So the news that I could not blog about last week is that my sister Nancy has been diagnosed with cancer. In the space between diagnosis and surgery she requested that I not say anything on the internet. Now she blogged the information herself. She seems very prepared to treat it all as an interesting experience. I look forward to reading her observations and hearing about both the good and the bad which will come from what lies ahead for her. Prognosis is good. It was caught early and the survival rate for this type of cancer is high. In addition, everyone feels strongly that she’s going to kick this in the teeth and be around for a long time to come.
Since I found out last week I’ve done lots of wrestling with my own thoughts. I want very much to be able to help, but the things I can do are severely limited by the fact that she is in Germany and I am in Utah. I am also very aware that while this blog is for me to discuss the things about my own life, her cancer is not about me. And it shouldn’t be. And yet it very definitely affects me. It’s like one of those slow-motion bullet strikes seen on Youtube or Mythbusters. Shock waves ripple far from the point of strike. I’m not in the middle. I’m out on one of those waves, moved and affected, but not directly damaged.
I had my turn in the middle with my tumor and radiation therapy (not cancerous) a decade ago. Those experiences may prove useful in understanding what lies ahead for my sister. Alternately, those experiences may lead me astray and merely make me more grieved than I need to be. I really can’t tell. It also sets me an interesting problem. In the middle of my radiation I found it very hard to communicate with many people because I did not have the energy to watch them grieve for me. Their grief, and desire to do something to help, was a huge elephant in the room that we could not talk around and no one had the courage to call out. So in the next few months during Nancy’s chemotherapy I shall have to do a careful dance to try to make sure that my necessary emotional processes do not cause her further fatigue during a time when energy will be in short supply.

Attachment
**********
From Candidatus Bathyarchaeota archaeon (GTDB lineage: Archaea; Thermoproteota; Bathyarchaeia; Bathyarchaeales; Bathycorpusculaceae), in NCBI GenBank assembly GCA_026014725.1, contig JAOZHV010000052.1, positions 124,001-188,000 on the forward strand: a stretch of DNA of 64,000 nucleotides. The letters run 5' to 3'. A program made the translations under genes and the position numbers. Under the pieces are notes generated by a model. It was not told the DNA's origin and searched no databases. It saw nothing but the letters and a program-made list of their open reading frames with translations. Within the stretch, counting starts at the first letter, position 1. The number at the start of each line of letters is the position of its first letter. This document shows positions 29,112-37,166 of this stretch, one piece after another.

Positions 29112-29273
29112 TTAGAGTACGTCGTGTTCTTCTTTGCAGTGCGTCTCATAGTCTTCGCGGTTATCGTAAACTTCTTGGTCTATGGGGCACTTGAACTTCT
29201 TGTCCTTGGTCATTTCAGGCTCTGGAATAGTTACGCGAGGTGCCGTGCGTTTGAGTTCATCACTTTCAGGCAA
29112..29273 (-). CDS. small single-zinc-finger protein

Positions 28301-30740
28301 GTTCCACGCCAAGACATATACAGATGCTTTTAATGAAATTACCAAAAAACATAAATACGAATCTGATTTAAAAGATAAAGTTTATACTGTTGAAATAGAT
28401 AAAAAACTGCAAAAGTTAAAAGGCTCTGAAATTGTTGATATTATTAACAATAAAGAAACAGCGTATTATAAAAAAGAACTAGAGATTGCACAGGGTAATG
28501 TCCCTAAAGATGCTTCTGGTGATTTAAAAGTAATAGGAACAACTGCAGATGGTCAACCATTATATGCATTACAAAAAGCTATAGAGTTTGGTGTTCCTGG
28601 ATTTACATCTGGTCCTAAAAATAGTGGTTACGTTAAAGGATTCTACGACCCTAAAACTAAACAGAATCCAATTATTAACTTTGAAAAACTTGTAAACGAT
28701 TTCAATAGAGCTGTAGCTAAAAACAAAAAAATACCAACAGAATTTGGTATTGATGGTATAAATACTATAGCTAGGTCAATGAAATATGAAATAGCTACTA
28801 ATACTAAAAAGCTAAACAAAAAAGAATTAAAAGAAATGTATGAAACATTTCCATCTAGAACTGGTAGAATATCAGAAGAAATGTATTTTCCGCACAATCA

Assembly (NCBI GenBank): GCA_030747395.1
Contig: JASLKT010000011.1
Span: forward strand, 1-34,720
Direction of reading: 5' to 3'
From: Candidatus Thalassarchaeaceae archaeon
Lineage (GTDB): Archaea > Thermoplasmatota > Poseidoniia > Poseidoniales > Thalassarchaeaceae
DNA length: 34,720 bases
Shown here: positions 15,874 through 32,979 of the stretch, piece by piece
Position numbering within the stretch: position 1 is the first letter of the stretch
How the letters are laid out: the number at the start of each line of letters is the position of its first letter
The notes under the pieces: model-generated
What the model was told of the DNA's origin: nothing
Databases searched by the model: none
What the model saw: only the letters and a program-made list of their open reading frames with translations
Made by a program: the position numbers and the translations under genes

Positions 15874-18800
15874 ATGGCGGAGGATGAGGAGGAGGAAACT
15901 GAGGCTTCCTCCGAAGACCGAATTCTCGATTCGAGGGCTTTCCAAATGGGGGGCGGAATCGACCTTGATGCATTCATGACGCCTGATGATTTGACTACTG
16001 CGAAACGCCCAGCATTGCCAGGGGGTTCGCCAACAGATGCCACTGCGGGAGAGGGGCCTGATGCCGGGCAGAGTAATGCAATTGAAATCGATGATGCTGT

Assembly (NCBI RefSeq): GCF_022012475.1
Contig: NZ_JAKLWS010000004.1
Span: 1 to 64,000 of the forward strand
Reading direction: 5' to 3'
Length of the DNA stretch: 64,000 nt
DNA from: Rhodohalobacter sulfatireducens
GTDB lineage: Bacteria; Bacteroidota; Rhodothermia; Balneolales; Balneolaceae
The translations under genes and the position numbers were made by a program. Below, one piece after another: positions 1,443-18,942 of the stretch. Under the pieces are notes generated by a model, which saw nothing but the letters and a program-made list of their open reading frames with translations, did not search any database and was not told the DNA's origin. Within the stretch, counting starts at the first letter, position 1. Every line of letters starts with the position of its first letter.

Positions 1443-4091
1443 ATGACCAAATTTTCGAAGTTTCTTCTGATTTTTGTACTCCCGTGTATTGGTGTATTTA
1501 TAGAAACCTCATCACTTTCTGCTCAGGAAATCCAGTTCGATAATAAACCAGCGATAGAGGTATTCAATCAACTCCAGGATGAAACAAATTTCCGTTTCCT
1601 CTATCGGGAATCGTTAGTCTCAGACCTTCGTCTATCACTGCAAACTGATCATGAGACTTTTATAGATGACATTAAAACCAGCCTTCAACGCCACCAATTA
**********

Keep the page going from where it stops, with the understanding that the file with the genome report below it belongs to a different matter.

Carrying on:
In other news, I spent the morning in a nearly blind panic trying to simultaneously assemble a pallet to ship to Australia, stack everything we will need for the shipping day in a place where we can easily find it, and finish the last layout corrections on QFT. Fortunately Howard and Janci were here to pick me up when I collapsed into a quivering pile of overstressedness. The pallet is now on the way to Australia. The supplies are neatly stacked. Layout is not completely done, but I pick up what is hopefully the last test print at 8 am tomorrow morning.
Then I pack my kids into the car and head North for a family reunion, far away from my house and my work.